COMMITTING TO COMPLETE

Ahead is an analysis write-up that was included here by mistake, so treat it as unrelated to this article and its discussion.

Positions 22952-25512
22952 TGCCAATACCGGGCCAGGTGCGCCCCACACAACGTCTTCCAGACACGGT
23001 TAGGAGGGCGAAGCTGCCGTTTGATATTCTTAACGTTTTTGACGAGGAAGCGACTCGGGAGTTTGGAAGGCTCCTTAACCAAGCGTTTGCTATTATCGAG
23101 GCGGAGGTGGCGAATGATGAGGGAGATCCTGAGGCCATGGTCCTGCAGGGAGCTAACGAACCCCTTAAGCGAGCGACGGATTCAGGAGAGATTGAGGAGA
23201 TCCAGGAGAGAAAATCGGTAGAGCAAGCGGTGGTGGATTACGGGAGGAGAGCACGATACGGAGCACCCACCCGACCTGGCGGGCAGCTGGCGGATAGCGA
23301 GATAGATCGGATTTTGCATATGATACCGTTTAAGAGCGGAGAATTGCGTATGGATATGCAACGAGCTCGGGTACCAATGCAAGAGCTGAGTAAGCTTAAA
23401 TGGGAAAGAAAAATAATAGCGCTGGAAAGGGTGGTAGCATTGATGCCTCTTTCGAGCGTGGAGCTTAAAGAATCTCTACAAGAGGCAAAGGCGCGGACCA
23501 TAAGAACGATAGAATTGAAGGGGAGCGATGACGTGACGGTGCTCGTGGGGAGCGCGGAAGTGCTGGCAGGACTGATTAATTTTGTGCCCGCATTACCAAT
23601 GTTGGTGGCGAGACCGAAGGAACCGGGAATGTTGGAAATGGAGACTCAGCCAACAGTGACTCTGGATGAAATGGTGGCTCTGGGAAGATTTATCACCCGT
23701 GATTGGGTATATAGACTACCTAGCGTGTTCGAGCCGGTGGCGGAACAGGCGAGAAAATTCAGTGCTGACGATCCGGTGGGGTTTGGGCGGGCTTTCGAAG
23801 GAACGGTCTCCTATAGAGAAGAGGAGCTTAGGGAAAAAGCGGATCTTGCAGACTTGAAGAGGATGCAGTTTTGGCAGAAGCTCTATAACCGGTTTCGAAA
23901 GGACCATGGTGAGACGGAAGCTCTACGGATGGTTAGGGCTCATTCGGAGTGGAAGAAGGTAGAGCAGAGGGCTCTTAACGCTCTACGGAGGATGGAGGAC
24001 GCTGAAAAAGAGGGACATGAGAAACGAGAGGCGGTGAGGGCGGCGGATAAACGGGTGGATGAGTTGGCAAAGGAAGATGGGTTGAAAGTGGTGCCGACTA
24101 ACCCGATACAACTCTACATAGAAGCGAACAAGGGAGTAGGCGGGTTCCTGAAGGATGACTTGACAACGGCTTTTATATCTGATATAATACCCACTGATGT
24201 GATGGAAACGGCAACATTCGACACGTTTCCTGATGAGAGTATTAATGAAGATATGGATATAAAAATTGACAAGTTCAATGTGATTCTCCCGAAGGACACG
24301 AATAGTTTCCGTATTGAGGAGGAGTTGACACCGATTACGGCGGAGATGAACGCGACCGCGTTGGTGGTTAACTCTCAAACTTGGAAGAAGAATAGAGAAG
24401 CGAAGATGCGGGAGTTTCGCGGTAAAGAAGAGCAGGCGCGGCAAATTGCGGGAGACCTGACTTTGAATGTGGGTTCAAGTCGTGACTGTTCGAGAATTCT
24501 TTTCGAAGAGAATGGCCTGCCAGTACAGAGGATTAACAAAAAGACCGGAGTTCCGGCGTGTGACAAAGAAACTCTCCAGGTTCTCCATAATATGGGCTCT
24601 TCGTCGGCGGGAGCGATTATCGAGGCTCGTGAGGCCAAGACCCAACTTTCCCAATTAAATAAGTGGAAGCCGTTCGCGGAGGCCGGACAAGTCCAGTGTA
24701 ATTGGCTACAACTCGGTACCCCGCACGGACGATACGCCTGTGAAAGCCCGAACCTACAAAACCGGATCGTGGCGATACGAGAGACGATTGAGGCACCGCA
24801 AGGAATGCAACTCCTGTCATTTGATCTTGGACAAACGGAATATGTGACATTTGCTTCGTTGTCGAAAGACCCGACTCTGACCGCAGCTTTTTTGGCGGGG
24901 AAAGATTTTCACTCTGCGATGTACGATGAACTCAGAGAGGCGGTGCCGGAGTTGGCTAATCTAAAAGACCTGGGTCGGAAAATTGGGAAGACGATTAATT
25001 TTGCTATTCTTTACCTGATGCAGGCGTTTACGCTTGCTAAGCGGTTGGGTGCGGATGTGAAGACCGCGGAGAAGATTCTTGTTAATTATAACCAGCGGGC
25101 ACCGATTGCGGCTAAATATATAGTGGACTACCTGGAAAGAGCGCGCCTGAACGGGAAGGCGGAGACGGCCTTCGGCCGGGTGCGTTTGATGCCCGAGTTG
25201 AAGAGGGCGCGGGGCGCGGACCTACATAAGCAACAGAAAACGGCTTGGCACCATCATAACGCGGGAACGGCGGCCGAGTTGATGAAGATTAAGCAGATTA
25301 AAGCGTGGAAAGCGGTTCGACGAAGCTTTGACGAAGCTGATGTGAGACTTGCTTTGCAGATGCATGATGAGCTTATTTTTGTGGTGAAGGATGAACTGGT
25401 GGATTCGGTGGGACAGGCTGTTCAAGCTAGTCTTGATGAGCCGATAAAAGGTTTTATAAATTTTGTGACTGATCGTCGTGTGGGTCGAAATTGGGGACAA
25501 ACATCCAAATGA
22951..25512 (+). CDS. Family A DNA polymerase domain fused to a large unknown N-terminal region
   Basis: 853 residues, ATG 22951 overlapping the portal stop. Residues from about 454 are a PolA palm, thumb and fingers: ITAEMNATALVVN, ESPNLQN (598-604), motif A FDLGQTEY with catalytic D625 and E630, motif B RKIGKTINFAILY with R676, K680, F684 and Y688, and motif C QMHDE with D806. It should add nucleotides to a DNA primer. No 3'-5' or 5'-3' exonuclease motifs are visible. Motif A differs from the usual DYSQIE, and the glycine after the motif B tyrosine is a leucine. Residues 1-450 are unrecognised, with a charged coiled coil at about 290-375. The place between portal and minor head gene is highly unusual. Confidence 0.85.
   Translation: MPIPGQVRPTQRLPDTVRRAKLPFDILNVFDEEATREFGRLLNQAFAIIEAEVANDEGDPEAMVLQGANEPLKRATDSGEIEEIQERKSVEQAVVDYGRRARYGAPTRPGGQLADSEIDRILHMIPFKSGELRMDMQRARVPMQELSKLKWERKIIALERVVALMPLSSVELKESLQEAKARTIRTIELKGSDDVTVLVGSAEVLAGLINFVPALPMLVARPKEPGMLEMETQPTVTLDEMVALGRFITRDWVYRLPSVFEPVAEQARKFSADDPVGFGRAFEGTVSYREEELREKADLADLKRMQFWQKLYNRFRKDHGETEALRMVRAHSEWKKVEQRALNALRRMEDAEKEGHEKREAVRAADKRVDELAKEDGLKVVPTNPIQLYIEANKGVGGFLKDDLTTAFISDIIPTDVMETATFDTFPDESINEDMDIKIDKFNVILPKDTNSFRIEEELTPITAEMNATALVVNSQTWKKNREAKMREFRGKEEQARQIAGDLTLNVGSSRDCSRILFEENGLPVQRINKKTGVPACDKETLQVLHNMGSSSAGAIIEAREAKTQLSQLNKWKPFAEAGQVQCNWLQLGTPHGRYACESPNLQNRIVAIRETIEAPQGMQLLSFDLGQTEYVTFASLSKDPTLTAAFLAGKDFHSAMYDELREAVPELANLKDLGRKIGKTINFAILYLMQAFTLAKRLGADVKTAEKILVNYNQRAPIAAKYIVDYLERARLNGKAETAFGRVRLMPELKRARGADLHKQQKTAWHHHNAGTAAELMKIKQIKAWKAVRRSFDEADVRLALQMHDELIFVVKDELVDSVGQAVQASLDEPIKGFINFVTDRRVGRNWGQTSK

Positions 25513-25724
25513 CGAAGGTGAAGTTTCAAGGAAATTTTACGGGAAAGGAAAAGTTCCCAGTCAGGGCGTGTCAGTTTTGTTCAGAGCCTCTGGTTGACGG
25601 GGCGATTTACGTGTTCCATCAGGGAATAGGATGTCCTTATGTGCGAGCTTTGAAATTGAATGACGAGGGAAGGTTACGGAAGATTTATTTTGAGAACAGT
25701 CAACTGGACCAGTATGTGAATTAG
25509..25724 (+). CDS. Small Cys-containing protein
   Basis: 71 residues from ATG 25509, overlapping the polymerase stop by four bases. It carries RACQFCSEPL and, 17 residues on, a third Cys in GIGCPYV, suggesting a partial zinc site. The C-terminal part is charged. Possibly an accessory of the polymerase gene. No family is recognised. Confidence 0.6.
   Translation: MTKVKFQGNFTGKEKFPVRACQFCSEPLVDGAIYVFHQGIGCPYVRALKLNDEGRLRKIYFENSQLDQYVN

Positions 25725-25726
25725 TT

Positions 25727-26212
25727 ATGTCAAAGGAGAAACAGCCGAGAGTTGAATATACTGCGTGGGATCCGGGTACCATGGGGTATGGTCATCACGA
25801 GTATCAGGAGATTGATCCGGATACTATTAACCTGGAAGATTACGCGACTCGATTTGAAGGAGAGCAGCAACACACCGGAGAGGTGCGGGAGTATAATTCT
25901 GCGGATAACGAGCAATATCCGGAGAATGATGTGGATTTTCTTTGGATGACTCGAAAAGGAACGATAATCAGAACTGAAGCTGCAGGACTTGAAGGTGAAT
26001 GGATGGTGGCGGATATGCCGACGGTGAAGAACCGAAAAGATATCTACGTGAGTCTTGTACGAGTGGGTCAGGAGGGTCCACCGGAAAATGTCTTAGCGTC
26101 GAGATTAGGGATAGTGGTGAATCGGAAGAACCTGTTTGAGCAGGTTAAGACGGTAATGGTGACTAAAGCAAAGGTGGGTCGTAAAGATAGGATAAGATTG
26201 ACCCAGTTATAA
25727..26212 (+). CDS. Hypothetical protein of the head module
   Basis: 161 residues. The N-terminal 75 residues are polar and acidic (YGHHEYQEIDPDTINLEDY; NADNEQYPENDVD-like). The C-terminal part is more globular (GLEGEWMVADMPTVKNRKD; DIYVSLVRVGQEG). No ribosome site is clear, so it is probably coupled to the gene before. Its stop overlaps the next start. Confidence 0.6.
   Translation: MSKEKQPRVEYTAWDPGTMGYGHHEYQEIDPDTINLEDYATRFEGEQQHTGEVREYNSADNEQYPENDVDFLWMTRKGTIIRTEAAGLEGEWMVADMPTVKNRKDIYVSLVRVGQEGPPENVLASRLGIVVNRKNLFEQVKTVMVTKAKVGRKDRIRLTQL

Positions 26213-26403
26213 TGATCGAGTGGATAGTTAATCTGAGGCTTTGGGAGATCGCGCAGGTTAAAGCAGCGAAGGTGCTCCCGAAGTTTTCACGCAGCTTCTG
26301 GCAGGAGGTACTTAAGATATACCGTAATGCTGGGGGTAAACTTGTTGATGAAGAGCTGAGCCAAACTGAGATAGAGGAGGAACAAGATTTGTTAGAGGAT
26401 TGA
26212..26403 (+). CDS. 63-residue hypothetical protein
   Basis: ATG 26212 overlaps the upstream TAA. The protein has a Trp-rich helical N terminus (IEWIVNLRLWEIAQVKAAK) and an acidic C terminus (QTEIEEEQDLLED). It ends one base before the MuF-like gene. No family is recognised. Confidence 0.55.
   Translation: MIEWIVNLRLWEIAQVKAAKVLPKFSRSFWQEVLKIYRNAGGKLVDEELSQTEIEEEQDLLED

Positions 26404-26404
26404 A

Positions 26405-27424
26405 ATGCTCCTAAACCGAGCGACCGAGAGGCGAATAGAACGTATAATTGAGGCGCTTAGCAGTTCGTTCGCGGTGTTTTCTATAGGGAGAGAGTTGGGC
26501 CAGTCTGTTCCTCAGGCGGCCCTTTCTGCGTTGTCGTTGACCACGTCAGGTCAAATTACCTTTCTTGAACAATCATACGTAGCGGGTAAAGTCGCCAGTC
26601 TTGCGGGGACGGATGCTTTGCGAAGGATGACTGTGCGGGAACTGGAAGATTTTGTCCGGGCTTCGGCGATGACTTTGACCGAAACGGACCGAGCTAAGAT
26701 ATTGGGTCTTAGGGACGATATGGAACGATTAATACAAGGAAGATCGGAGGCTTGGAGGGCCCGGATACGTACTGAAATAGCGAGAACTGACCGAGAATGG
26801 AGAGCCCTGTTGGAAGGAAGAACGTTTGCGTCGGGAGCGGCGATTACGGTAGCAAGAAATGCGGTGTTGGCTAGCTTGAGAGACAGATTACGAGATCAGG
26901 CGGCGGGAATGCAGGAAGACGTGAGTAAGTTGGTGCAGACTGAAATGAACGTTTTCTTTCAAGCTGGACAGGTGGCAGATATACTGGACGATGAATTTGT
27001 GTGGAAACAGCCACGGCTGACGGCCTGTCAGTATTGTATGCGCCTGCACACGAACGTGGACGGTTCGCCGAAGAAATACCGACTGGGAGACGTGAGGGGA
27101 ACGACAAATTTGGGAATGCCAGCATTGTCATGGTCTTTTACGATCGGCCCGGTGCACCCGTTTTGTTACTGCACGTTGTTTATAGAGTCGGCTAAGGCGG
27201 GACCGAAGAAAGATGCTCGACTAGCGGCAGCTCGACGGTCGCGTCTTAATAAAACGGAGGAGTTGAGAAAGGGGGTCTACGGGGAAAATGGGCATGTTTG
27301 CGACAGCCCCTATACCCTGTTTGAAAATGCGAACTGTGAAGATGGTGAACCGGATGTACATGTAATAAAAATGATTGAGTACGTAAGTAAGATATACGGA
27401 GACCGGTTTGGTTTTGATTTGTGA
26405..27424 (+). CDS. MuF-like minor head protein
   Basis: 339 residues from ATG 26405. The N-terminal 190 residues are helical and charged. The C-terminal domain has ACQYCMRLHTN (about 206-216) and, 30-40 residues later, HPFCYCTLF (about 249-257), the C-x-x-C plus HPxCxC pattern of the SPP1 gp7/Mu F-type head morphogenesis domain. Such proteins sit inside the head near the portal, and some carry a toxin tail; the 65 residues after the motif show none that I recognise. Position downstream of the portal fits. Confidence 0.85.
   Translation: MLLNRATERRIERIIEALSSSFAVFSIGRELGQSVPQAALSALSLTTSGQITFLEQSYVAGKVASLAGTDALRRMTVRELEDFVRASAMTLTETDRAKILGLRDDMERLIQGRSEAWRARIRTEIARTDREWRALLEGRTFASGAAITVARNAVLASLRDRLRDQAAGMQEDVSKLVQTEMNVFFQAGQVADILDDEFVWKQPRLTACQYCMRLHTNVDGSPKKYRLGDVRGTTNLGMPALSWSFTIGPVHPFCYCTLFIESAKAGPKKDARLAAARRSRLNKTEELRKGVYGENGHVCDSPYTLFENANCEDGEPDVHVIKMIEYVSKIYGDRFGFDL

If an incoming community college student were asked right off the bat to pledge to complete a degree or credential, in a moment of truth, would that student think of his promise before transferring or dropping out? What if thousands of others signed the same pledge? What if faculty and the president had signed one promising to do all they could to help the student complete? There’s no telling yet, but if all those components come together the way pledge architects hope they do, completion rates will be on the upswing within a couple of years. By that time, the first cohort of students to sign such a pledge will be due to earn associate degrees. The pledges are part of the commitment that six national community college organizations made in April 2010 to boost student completion rates by 50 percent during the next decade. About a year after those groups signed their own “Call to Action,” three of them — the American Association of Community Colleges, the National Institute for Staff and Organizational Development, and Phi Theta Kappa Honor Society — drafted versions to take to presidents, faculty and staff, and students, respectively. The article is in Inside Higher Ed.